Cold atmospheric plasma (CAP) devices generate an ionized gas with highly reactive species and electric fields at ambient air pressure and temperature. A flexible dielectric barrier discharge (DBD) was developed as an alternative antimicrobial treatment for chronic wounds. Treatment of Staphylococcus aureus in collagen-elastin matrices with CAP for 2 min resulted in a 4 log reduction. CAP treatment was less effective on S. aureus on dermal samples. CAP did not affect cellular activity or DNA integrity of human dermal samples when used for up to 2 min. Repeated daily CAP treatments for 2 min lowered cellular activity of dermal samples to 80% after 2 to 4 days, but this was not significant. Repeated treatment of ex vivo human burn wound models with CAP for 2 min did not affect re-epithelialization. Intact skin of 25 healthy volunteers was treated with CAP for 3× 20” to determine safety. Although participants reported moderate pain scores (numerical rating scale 3.3), all volunteers considered the procedure to be acceptable. Severe adverse events did not occur. CAP treatment resulted in a temporarily increased local skin temperature (≈3.4°C) and increased erythema. Lowering the plasma power resulted in a significantly lower erythema increase. Good log reduction (2.9) of bacterial load was reached in 14/15 volunteers artificially contaminated with Pseudomonas aeruginosa. This study demonstrated the in vitro and in vivo safety and efficacy in bacterial reduction of a flexible cold plasma device. Trial registration number NCT03007264, January 2, 2017 Key Points: • CAP strongly reduced bacterial numbers both in vitro and in vivo. • Re-epithelialization of burn wound models was not affected by repeated CAP. • CAP treatment of intact skin was well tolerated in volunteers.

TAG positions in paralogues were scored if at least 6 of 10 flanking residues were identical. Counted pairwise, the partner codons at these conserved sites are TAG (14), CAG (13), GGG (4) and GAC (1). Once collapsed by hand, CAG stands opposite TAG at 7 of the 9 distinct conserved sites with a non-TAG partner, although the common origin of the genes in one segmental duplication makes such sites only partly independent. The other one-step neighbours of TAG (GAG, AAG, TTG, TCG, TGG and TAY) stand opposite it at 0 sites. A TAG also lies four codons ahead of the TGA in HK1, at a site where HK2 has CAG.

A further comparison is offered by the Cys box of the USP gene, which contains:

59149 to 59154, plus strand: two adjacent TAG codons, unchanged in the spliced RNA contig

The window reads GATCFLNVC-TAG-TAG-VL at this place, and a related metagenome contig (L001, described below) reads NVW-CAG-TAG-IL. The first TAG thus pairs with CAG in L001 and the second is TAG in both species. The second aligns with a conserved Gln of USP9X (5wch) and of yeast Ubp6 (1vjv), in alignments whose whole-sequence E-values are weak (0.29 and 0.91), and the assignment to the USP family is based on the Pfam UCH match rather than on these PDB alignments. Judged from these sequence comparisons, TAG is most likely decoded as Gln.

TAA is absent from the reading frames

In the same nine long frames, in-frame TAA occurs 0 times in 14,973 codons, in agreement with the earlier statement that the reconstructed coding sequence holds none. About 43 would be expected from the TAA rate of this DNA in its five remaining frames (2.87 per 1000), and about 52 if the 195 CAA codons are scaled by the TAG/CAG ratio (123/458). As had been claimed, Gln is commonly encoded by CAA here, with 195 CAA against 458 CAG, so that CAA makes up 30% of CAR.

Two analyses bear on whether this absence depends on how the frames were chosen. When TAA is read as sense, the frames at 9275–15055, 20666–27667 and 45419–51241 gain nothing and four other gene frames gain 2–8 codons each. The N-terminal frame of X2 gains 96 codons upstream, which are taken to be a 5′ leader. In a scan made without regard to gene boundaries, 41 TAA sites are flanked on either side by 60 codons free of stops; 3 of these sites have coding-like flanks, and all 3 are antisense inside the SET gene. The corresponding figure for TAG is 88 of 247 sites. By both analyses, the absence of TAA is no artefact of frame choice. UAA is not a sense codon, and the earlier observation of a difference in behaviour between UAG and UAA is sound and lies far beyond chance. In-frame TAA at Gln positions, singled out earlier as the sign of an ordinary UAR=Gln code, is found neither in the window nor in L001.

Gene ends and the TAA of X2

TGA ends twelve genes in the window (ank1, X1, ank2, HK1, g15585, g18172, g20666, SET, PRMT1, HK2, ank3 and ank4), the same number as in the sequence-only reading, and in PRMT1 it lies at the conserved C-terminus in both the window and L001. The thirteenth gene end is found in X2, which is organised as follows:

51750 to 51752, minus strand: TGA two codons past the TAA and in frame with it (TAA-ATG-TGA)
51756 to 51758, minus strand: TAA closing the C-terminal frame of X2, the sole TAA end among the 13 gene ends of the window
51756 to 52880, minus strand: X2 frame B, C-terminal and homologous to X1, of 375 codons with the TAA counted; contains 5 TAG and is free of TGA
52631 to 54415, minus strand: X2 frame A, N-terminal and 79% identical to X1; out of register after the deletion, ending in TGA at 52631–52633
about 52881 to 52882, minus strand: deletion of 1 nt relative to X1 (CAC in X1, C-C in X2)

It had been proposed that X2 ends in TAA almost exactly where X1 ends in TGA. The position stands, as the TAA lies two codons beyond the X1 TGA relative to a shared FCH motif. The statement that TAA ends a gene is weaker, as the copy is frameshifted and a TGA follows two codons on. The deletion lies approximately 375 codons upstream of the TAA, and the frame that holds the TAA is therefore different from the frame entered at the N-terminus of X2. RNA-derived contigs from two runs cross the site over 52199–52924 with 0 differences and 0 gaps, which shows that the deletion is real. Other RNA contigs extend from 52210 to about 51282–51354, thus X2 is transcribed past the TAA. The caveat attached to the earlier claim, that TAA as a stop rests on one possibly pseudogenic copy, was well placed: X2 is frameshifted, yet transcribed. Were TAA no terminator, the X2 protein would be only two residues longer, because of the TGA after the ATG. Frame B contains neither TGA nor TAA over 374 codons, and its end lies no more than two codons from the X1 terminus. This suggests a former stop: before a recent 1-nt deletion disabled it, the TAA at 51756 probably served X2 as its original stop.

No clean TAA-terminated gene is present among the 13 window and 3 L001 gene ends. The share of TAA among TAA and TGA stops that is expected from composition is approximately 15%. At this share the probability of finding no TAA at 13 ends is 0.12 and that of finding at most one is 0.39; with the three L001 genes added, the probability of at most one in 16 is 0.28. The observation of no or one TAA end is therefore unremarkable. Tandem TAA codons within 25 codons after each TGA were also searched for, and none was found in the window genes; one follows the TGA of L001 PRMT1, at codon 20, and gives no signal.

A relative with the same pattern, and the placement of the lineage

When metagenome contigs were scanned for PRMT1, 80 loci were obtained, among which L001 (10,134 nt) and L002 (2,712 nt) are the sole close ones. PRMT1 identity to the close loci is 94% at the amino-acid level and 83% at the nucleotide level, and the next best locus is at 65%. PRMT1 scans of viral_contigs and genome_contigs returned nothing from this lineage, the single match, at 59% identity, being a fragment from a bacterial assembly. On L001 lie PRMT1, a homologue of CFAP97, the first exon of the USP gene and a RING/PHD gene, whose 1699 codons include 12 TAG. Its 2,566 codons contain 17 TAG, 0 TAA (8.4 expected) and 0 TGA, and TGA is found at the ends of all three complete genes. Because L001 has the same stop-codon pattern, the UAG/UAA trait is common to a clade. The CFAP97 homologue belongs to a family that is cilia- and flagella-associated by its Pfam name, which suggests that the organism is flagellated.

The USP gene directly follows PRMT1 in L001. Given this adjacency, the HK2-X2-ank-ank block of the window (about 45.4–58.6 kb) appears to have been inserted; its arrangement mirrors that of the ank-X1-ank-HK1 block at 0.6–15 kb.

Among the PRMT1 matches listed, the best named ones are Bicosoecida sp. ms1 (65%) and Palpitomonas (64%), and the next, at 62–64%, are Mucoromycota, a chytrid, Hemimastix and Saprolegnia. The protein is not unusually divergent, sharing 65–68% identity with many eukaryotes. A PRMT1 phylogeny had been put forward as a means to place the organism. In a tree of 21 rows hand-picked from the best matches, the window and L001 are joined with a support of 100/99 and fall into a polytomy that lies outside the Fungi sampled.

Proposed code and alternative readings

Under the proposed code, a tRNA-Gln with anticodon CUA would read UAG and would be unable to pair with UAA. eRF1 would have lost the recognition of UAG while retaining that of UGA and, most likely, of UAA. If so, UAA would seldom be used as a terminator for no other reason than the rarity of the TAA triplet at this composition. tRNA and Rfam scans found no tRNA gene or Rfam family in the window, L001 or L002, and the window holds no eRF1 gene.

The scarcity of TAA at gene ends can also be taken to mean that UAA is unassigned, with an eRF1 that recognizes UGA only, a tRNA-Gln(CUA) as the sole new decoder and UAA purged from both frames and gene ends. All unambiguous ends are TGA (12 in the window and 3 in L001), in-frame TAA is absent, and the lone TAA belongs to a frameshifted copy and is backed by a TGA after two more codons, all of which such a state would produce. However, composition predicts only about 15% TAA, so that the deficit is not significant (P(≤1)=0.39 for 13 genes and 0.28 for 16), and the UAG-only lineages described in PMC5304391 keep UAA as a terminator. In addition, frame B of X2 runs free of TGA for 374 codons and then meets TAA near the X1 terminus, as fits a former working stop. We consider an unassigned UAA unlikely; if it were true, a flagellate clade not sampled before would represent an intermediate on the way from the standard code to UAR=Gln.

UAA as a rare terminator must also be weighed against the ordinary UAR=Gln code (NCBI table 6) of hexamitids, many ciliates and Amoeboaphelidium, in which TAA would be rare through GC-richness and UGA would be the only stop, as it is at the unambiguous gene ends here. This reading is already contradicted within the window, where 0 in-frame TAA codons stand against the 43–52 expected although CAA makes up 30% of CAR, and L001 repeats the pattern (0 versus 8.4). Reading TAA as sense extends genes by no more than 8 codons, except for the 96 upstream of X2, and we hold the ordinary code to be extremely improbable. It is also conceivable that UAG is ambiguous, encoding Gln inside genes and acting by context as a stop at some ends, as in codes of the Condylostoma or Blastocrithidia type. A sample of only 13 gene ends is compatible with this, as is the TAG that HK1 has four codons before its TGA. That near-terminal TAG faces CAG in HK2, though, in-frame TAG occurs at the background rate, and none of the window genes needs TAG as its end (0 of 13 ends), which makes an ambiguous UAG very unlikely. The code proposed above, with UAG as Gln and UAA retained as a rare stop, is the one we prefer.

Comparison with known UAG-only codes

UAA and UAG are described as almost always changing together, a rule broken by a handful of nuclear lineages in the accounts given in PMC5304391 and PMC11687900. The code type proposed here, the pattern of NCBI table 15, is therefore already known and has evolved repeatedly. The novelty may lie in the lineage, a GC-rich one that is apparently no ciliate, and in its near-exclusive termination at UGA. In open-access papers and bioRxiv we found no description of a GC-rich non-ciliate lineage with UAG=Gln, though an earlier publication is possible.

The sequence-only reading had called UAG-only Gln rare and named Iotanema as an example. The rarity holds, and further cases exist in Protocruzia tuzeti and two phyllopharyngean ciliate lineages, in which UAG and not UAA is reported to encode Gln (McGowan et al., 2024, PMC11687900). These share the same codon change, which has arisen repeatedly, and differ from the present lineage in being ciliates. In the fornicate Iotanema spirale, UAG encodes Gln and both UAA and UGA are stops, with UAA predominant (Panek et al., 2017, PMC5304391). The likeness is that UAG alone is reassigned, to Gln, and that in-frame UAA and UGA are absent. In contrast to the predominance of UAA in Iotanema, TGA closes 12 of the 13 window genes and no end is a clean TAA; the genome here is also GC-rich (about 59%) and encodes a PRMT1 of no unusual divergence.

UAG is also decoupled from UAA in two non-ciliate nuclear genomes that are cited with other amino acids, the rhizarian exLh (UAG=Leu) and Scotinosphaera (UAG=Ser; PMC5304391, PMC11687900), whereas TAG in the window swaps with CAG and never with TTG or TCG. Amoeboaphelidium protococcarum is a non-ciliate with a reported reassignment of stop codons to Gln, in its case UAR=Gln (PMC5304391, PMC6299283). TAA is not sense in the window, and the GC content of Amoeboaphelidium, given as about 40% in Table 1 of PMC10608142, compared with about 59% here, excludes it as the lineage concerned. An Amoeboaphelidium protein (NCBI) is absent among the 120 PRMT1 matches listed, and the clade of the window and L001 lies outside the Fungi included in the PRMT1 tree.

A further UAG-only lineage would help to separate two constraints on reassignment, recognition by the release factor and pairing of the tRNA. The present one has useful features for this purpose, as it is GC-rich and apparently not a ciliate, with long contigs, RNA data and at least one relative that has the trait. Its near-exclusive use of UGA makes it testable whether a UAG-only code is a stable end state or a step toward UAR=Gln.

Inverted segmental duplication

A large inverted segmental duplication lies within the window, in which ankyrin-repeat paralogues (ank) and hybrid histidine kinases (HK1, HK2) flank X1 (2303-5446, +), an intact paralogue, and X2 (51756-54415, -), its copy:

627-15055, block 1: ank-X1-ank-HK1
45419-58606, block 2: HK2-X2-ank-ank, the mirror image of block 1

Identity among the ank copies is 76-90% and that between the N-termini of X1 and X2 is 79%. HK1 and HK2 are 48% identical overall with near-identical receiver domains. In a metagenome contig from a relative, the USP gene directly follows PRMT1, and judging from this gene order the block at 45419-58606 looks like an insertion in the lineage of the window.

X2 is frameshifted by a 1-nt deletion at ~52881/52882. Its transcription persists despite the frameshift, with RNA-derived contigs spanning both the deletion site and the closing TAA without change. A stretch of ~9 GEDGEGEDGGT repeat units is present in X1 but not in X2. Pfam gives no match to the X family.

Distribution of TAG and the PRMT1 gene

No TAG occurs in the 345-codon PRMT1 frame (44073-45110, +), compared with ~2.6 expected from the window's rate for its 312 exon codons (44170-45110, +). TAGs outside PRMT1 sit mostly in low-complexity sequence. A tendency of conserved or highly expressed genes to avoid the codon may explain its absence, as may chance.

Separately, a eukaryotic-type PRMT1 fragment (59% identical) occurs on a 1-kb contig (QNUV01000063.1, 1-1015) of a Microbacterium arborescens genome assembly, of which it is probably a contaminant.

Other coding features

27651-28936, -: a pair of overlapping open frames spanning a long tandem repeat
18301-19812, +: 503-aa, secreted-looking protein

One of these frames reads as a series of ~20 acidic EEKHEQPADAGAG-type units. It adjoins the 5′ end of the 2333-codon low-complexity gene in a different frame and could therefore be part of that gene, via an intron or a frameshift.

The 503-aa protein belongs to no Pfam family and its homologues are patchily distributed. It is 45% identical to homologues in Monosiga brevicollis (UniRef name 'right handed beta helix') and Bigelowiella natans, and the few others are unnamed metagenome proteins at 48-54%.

- Dielectric barrier discharge
- Healthy volunteers
- Methicillin-resistant Staphylococcus aureus (MRSA)
- Pseudomonas aeruginosa
- Skin wound model